Given that I've already been to office hours a bunch, I'm pretty sure you have a good idea of how my Wiki works. I put in a lot of effort to make sure that it was formatted to be easy to follow (for an incoming analyst). My start page tells you to first look through my Background page, which gives a brief background of Apple and its three main products. Every page on my Wiki has a link taking you back to the previous page, and the main pages have home buttons to take you back home (thanks for the help with that).
After learning about the background information, the next stage is my Reports, where I have made a report every week since the beginning of October. Every day I went through my Blogroll and looked for the most important articles. When I found a good article, I read it and provided a brief summary. This is meant to be a representation of the type of information an Apple analyst must analyze.
But the real bread and butter is my Sources page. I spent several hours simply organizing the links on this page to make it best for the reader (who's probably never heard of any of these) to follow. For each resource, I discussed how it applies to my search, how I used it and how well it worked, as well as additional information. I felt like since we are writing to another person, it would be much easier to read and understand if I worded it in an articulate paragraph as compared to the strict template in the syllabus. I contemplated adding an evaluation number in addition for each resource, but it didn't really fit with the format of my reviews. Just because I give a resource a 3/10 doesn't mean it's a bad resource, it normally just means that I didn't like it. I know that if I saw a 3/10, I probably wouldn't even try it out (and I want the incoming analyst to try every resource). Therefore, I stated my experience and what I thought, but always encouraged the reader to experiment with every resource for himself/herself.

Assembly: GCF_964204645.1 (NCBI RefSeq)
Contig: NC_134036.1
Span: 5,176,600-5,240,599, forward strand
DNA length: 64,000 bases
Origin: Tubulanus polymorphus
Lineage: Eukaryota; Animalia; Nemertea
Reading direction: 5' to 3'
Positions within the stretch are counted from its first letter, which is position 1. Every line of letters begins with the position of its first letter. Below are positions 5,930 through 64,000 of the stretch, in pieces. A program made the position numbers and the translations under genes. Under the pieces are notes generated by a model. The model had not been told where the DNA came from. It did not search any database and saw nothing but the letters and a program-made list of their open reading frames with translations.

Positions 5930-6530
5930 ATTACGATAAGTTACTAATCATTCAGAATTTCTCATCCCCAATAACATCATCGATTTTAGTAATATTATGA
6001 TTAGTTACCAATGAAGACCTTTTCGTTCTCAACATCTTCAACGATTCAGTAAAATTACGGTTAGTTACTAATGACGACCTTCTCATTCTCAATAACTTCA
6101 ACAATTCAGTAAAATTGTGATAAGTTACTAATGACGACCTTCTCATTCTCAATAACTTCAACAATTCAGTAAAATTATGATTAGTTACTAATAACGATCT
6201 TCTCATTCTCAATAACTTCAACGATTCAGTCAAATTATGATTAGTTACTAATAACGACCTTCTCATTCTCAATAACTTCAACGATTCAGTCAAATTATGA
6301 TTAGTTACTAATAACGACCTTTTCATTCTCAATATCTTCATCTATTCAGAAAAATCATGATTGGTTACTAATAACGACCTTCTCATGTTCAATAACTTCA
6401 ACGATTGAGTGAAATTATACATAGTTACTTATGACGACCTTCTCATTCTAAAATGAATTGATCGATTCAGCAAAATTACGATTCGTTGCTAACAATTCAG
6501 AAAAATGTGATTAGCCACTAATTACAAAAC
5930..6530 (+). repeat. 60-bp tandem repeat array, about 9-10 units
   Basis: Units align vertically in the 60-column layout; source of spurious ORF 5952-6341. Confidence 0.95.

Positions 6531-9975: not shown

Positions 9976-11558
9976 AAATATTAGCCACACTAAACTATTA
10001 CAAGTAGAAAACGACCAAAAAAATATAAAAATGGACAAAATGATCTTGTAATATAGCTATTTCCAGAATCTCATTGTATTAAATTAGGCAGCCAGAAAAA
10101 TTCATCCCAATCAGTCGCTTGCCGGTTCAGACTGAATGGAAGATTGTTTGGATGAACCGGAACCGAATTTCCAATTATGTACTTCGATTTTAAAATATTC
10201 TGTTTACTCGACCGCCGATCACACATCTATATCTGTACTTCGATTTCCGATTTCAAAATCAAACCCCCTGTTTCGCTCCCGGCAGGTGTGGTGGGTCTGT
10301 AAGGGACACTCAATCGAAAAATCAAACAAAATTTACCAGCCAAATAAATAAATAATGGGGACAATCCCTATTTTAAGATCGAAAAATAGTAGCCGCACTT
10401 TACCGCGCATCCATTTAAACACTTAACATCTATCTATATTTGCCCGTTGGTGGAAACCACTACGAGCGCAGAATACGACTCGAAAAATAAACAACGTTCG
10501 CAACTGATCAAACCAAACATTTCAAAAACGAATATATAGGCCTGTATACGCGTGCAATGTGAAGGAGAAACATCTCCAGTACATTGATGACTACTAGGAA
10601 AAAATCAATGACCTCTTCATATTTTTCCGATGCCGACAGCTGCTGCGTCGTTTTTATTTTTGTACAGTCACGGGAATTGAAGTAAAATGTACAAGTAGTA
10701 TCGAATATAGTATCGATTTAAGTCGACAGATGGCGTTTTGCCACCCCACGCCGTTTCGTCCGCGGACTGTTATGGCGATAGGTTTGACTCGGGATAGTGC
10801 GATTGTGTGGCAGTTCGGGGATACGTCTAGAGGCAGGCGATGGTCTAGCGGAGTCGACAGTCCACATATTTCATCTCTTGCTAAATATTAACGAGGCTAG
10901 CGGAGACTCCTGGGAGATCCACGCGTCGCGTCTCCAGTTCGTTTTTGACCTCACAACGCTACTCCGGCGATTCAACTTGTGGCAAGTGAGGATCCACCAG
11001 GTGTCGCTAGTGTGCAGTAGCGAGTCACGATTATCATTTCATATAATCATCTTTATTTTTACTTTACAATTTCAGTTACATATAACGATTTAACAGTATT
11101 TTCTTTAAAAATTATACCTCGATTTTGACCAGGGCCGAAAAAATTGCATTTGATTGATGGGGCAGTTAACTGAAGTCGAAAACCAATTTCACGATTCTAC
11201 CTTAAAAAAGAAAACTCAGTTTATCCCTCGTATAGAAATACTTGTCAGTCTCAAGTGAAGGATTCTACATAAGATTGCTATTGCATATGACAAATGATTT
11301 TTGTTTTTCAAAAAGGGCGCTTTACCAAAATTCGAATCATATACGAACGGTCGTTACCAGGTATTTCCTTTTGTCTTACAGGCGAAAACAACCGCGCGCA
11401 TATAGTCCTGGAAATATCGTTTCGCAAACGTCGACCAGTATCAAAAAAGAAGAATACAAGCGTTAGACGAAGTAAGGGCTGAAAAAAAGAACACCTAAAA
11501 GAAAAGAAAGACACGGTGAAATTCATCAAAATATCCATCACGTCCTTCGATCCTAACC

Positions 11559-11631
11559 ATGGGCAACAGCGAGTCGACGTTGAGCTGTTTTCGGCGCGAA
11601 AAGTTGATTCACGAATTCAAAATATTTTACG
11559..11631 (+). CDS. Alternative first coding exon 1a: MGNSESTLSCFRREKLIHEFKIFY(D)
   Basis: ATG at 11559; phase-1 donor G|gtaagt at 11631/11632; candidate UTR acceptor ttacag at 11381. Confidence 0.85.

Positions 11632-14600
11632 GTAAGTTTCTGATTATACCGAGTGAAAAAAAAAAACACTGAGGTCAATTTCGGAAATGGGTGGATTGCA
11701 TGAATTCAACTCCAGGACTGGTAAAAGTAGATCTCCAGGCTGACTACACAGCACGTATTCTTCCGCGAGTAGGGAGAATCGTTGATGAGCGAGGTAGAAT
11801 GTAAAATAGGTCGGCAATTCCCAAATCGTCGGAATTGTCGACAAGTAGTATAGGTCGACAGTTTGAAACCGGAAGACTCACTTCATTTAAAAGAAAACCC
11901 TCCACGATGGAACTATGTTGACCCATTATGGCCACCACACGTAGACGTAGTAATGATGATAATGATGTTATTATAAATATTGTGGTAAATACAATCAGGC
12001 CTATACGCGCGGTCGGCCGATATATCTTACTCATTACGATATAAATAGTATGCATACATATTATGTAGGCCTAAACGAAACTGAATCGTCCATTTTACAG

One thing to note: For my General Search page, I didn't include all of the techniques we learned. I could've written pages and pages on all the techniques and their applications. I decided to only cover the basics, but I included two additional resources (Google and Yahoo uses) to provide all the syntax available on the Web. I know I personally would not want to be bombarded with pages of search syntax (I would just get lost). The most important thing is that I discuss all the useful syntax I used for my project (this is what's most helpful for them to learn). One other side note: I didn't include any Deep Web resources because they were not applicable for my project.
While creating each source took a significant amount of time, I would say the most time consuming part of my Wiki was the Reports. Each week I filtered through all of my RSS feeds, found and read articles, and summarized them. In total, I probably analyzed about 70-80 articles in about two months. This was pretty difficult given that we had to write blogs, do exercises outside of class, and work on both my Background and Sources pages all the meanwhile.
I am very content with how my project worked out and I think I did a good job working on the Wiki throughout the entire semester (and not cramming it all in the end). For this reason, I don't think I would've accomplished much more with extra time. I guess my one change would've been to work more with Feed43 and Yahoo Pipes. Of all the resources we've covered in class, Yahoo Pipes is definitely the best (by far) and you can do so much with it! I wish I would've done more experiments with Yahoo Pipes (I did make three Pipes, but I had a lot more ideas). Additionally, I had a mountain of trouble when we went over Feed43 and therefore decided not to use it for my project. If I had extra time I would've experimented with Feed43 and included it.